Repeatedly he urged me to make a difference. He says, with my job, I have a great potential to be a voice for change. But the suggestions he makes for direct action surprised me, especially in light of what I know that he did in the 60s. They’re small, gentle actions. Tell the stories of the civil rights movement, and the stories of our culture now. “Including in games,” he said. “It’s a whole culture thing that we have to fight. At every level.” For our generation at large, he tells me, again and again, that we have to do something.
“You gotta speak and engage with people. They have to know you and understand you and not feel afraid of you,” he said. “You can’t just sit back, oh, just because the country had a president like Barack Obama, that everything’s okay. Individuals have to make a difference.”
It’s nice to hear this from my father, because these are things that feel doable. I worry, all the time, that I’m just not doing enough. I want to be able to be an advocate and to engage in meaningful activism, but to be honest I’m afraid. While I know my father and his generation were able to end segregation, in his day, he told me, the klan wore hoods. In Charlottesville, over the weekend, the white supremacists did not cover their faces. They felt safe enough not to.
Before I hang up with my dad, I remind him of my drunken phone call from election night. That night, I’d asked him if he felt scared when he was young. That night, he told me that he wasn’t scared. He thought he could change the world. “Do you think we still can?” I ask.
He paused. “I think that was the mentality in the ‘60s, that we could,” he said. “I don’t think we have that. But it can come back. We can come out, in numbers, singing and shouting, and we can bring it back. We can change the world, for the better.”
Following a successful title is a daunting task for any developer, but that’s especially true for a series as popular as Pokemon. Pokemon director Junichi Masuda recently revealed to Game Informer that the series’ first Game Boy Advance installments, Ruby and Sapphire, were actually the most challenging Pokemon titles to make.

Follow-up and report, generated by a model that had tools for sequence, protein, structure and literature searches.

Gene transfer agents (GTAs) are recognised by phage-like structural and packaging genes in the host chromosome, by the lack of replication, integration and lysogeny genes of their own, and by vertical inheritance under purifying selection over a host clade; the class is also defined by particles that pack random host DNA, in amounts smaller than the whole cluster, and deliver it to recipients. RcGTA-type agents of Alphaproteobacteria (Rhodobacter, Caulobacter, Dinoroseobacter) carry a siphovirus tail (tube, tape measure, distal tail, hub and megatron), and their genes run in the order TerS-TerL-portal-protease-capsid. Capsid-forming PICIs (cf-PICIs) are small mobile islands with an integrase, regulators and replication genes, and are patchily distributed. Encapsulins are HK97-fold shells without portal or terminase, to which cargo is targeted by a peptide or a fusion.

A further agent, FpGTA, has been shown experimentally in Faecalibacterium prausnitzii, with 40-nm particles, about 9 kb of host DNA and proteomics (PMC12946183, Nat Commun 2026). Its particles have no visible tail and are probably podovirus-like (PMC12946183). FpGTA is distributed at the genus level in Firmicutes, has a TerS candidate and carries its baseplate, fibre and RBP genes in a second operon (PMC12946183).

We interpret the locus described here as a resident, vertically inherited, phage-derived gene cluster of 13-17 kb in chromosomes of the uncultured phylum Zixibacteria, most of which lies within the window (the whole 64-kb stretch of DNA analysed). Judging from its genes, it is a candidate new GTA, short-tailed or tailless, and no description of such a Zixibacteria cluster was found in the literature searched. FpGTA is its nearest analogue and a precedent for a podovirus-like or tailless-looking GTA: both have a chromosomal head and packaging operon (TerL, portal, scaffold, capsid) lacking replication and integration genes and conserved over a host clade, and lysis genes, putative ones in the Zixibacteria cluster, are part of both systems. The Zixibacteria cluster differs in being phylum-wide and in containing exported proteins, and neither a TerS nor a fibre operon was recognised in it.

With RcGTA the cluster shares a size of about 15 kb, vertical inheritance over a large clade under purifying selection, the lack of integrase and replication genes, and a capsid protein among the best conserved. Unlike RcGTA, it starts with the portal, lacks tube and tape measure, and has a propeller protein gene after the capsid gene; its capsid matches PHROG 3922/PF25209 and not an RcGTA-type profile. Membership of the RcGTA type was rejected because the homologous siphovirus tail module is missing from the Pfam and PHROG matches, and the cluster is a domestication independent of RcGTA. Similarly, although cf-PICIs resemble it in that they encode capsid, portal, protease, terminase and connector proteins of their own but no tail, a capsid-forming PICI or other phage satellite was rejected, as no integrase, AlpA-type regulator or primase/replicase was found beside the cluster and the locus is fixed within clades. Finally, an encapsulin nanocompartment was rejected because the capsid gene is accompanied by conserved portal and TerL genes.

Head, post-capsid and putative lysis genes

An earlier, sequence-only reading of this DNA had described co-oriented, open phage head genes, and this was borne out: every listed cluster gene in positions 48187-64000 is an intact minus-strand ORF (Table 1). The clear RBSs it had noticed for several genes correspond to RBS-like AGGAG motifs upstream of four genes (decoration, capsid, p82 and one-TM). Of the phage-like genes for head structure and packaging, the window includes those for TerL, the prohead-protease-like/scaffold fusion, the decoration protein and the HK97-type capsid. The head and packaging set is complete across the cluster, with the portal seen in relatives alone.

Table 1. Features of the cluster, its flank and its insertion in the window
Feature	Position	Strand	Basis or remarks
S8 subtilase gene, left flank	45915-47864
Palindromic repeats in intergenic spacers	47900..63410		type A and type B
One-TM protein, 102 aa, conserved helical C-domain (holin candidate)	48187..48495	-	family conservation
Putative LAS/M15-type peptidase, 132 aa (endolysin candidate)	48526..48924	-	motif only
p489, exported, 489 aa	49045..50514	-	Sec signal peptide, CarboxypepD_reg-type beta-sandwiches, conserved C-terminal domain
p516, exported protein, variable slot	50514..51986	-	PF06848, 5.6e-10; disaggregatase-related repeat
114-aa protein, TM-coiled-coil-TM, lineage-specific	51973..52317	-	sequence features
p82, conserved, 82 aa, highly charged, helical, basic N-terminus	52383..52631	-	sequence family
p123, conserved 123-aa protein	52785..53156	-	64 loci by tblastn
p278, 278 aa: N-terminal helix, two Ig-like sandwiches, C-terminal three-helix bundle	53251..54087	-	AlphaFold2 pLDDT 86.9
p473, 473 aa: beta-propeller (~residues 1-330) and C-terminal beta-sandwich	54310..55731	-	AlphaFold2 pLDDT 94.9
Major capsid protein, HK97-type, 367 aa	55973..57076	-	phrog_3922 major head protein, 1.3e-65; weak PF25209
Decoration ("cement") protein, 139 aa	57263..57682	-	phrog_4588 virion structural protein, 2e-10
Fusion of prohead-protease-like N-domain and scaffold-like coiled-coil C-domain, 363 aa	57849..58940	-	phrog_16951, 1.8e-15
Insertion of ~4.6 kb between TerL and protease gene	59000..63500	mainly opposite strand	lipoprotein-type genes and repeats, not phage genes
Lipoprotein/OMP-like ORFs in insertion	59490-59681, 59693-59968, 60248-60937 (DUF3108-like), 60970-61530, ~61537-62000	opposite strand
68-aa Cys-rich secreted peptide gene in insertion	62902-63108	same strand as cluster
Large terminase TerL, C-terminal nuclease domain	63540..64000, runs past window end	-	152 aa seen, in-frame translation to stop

Part of the reason Ruby and Sapphire posed such a problem for Game Freak was due to the Game Boy Advance’s hardware, which was more powerful than what the developers were accustomed to. “With Ruby and Sapphire, the screen got a little longer and it was a different aspect ratio, [and it had] a lot more colors and sound channels so the tech was improved dramatically,” Masuda said. “It allowed us to do a lot more and gave us more freedom, but at the same time it made it take a lot longer to do things and was more resource-intensive.”
The biggest challenge, according to Masuda, was following the success of the series’ first full sequels, Pokemon Gold and Silver, which arrived during the crest of the Pokemon phenomenon. Following their release, however, many felt the series had run its course. “After Gold and Silver came out, it was a huge hit around the world, but shortly after everyone was saying, ‘That’s it. The Pokemon fad is over! It’s dead!'” Masuda said. “At the time, the atmosphere and general thinking was that the Pokemon fad was over and there was huge pressure to prove people wrong.”